And on the silent sea-floor of these fields,
his people stroll. Somewhere between them,
through them, around them, there is a new voice
rising …

The statelessness, insecurity, and instability of the shifting zones of contact and crisis in the medieval North Atlantic produced provocative new generic forms, scholarly work, and poetic modes, which in turn can illuminate how and what the field means and might mean in the twenty-first century. We welcome 300-word proposals for presentations of scholarly research and critical analysis on pre-modern Celtic and Anglo Saxon literatures; these analyses should be rooted in the primary medieval texts and contexts and come to bear on current preconceived ideas and institutional formations of the field, specifically, and the place and role of the humanities in our current states of insecurity, more broadly.

Please submit a 250-word proposal for a presentation of no more than 15-20 minutes to Matt Hussey (mhussey@sfu.ca) and Amy Mulligan (Amy.Mulligan.22@nd.edu) by 15 March 2017.

Friday, February 24, 2017

CfP: The Shape of Return. Progress, Process, and Repetition in Medieval Culture

by Francesco Giusti
Your network editor has reposted this from H-Announce. The byline reflects the original authorship.
Call for Papers
April 15, 2017
Subject Fields: 
Medieval and Byzantine History / Studies, Cultural History / Studies, Humanities, Intellectual History, Literature
The Shape of Return
Progress, Process, and Repetition in Medieval Culture
International Conference
ICI Berlin Institute for Cultural Inquiry
29-30 September 2017
Organized by
Francesco Giusti and Daniel Reeve
Keynote speaker
Elizabeth Eva Leach (University of Oxford)
In his Convivio, Dante claims that ‘the supreme desire of each thing, and the one that is first given to it by nature, is to return to its first cause.’ Yet this formulation is marked by a tension: return is both a destination and a process. To put it in terms of an Augustinian distinction: does each thing simply desire to arrive in/at its patria (homeland, destination, telos), or is its desire also directed towards the via (way, process, journey)? On the one hand, the desire for return is teleological and singular; on the other, it is meandering, self-prolonging, perhaps even non-progressive. And return itself can also be errant, even when successful: to take one important example, medieval theology frequently conceptualizes the sins of heresy and sodomy as self-generating returns to unproductive sites of pleasure or obstinacy.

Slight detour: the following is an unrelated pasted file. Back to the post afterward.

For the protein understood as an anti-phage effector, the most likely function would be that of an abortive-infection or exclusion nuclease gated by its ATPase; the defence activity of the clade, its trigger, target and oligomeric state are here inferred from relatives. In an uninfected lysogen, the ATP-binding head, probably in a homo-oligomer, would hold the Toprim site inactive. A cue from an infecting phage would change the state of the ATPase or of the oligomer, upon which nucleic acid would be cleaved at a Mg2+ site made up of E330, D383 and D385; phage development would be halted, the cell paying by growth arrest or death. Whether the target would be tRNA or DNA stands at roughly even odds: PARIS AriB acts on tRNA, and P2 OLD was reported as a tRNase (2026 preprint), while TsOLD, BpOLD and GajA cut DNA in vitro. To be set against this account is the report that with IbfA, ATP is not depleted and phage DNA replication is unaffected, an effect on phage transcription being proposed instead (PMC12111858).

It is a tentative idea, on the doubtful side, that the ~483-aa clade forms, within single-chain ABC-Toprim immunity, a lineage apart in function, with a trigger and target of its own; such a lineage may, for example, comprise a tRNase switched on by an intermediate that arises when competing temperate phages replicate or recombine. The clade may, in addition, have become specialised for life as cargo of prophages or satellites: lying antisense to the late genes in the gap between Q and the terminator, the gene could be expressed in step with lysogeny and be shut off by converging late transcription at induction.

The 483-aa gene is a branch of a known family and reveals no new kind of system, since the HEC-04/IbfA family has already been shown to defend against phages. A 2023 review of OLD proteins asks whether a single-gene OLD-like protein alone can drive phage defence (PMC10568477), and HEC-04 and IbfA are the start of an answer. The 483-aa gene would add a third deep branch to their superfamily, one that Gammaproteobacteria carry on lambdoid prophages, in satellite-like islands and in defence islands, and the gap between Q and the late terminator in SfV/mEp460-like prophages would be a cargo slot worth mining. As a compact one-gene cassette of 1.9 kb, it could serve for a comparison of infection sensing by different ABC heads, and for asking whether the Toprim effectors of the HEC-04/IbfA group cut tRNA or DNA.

Return, then, is an uncanny thing, with a distinctive temporality that conjoins recollection, satisfaction, and frustration. It plays an important role in shaping many kinds of medieval cultural artifact. Return is a basic component of pseudo-Dionysian (and later, Thomistic) theories of intellection; for Boethius, it is inherent to the process of spiritual transcendence. Return also shapes literary texts: for instance, romance heroes desire to return to their homeland, but the obstacles placed in their path, or the digressions they undertake, are the basic preconditions of the stories in which they find themselves. In such cases, only a deferred return can satisfy; and even a return is not inevitably satisfying — it can also be a frustrating repetition of a well-trodden path. This is true of lyric texts as much as narrative ones: medieval lyric poems are often concerned with the human inclination to go back to an unfruitful site of pain, loss, or even dangerous enjoyment.
Return is also embedded in the very texture of medieval poetic and musical forms: the sestina, the refrain, and theterza rima all embody different kinds of recursivity. Dante’s re-use of rhyme sounds in the unfolding of the Divine Comedy — a poem that, at various crucial points, thematizes return as a transcendent symbol — performs a spiraling movement that combines repetition and progressive ascent. Reiteration can disrupt linear and teleological progress, but also empower it. How does medieval culture cope with this ambivalence?
The conference will explore the ways in which medieval literary, artistic, musical, philosophical, and theological texts perform, interrogate, and generate value from the complexities of return, with particular reference to its formal and temporal qualities. Reconsidering the practical and theoretical implications of return — a movement in time and space that seems to shape medieval culture in a fundamental sense — we will investigate the following questions: